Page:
Saturday, July 21, 2012

Politico's Take on Waxman

Henry Waxman is shown in 2012 and 1981. | AP Photos
Nothing Has Changed in Forty Years -- Bald Head, no Bold Ideas to Rebuild this Country's recent interview with the top-two candidates for the 33rd Congressional District, was very revealing, showing a long-time incumbent who has taken his frequent reelection bids for granted for over forty years.

There is something wrong with the political process in this country when a legislator can claim that he has not faced a serious challenge to his power since the days of President Lyndon Johnson, an overwhelming progressive whose policies still haunt the halls of entitlement while institutionally bankrupting this country with a culture of expanded dependency.

If the Republican and independent voters in this state will get respite, it will be due to the fact that Waxman will not be able to pour his campaign coffers into defending other candidates or shoring up support for other causes. That only is enough to rejoice that for the first time Mr. Waxman will be facing a real challenge to his political hegemony in the Los Angeles area:

“Quite frankly, I haven’t had to run a serious campaign in quite a long time, but now, I’m going to,” Waxman told POLITICO. “I’m not going to take anything for granted.”

This blunt should be enough to dissuade voters in this election cycle from giving Waxman more than a passing glance. What respect, what regard did this Congressman have for his voters after previous elections? It is astounding that this man could blatantly declare previous victories as "granted."
Public service is nothing to take for granted, Mr. Waxman.

But, competing in a splintered field, the congressman received just 45 percent of the votes cast in the June 5 race — a potentially worrisome sign for such a longtime incumbent.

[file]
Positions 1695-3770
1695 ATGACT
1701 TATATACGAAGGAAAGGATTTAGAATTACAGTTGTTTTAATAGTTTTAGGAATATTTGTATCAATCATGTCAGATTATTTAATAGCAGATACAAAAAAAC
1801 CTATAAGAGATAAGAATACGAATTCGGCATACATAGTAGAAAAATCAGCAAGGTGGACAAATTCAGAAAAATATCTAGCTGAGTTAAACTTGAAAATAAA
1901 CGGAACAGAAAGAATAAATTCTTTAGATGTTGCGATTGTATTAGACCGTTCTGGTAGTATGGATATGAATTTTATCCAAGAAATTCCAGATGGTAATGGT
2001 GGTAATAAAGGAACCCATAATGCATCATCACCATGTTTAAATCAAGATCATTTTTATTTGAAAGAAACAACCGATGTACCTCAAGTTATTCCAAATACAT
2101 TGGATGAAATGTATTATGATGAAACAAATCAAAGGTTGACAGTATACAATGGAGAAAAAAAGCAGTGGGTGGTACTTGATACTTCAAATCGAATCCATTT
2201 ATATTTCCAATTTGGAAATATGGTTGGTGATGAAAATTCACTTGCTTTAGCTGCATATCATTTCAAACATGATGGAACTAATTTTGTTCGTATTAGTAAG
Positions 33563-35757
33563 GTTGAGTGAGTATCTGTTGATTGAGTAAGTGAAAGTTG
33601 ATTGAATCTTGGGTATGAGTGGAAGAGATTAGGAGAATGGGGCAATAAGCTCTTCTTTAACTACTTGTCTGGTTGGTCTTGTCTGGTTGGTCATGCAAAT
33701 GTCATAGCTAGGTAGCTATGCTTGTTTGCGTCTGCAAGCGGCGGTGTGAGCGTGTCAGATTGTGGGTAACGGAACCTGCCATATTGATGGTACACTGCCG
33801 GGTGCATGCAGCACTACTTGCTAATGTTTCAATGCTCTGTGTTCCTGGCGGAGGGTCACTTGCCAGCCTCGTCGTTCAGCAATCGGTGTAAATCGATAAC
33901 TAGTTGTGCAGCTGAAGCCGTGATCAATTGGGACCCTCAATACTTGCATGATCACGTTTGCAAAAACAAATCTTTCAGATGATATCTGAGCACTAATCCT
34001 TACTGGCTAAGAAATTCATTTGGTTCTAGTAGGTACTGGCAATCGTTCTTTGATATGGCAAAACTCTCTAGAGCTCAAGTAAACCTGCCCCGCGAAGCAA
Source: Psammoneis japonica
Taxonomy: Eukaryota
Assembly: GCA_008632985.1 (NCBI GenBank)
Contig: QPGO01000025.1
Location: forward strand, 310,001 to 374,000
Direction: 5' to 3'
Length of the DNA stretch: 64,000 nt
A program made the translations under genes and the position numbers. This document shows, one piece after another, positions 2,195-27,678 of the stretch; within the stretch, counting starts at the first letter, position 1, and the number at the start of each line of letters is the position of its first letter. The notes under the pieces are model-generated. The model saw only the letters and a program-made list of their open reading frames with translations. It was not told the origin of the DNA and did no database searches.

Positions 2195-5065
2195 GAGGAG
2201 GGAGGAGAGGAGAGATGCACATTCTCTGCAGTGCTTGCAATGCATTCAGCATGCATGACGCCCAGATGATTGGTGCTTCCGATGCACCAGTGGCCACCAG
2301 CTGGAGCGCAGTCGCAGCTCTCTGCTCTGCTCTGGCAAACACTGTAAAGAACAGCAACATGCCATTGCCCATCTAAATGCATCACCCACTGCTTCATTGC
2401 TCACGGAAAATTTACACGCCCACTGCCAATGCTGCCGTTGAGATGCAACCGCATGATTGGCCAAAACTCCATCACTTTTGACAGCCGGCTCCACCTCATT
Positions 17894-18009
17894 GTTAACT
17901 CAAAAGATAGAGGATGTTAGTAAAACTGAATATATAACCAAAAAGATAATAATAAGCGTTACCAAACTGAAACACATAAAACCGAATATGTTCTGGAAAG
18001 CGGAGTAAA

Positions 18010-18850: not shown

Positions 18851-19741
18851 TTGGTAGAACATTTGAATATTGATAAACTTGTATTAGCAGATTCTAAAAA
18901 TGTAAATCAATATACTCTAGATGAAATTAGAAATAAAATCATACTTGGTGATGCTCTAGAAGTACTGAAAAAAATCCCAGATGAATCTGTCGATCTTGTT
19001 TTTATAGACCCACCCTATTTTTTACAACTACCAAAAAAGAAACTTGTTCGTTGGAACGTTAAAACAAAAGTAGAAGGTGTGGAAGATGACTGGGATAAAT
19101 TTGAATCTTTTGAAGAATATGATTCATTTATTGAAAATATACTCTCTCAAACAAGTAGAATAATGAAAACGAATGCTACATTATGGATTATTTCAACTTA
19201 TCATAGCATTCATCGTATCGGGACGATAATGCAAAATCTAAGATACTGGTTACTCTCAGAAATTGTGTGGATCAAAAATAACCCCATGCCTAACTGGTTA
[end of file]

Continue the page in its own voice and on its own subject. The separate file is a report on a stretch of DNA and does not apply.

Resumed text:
Politico neglected to mention that fewer than one hundred thousand votes were cast during the primary, but now that Bill Bloomfield has established himself for the general election, he will have the next four months informing voters about his record of reform and bipartisanship, both of which shine in stark contrast to the distant LA Congressman.

In an interview, Bloomfield wouldn’t say how much he intends to spend on his race, saying only: “I am going to spend enough for voters to know what I’m about.”

Mr. Bloomfield has informed supportive and prospective voters throughout the district that he want to end the incumbent-induced partisan gridlock which keeps spending this country into fiscal oblivion without resolving our nation's ongoing dependence on foreign oil. Education reform is also a top priority for the candidate, along with ending the power of special interests in Congress,many
of which hold politicians at bay from voting in the best interests of those whom they are called to serve.

In a district where Democrats outnumber Republicans 43 percent to 28 percent, he argued, voters who turn out to support President Barack Obama would also back him.

This is a naive perception. Obama is like ballot-box poison. Staunch Democrats who may not want to vote for the alternative will likely stay home. A string of broken promises and slow recovery have disillusioned the youth and minority vote in the country. the two demographics who helped propel Obama into office because of his novel minority status. Obama has nothing but hollow attacks to run on, and Waxman's record does him mor harm than good for a constituency that has never considered him before.

One worry: that Bloomfield’s independent bid will win support from voters fed up with Congress and looking for something different.

This is the defining point of this contest. Waxman's tenure is one of his many liabilities. Congress has never been so unpopular, the popular rating stagnant in the single digits of the at least the past three years. Waxman has been Washington fixture for years. Indiana Senator Richard Lugar received an untimely send-off in June. Voters across the country have signaled their willingness to throw out long-standing legislators and give someone else a chance to speak on their behalf.

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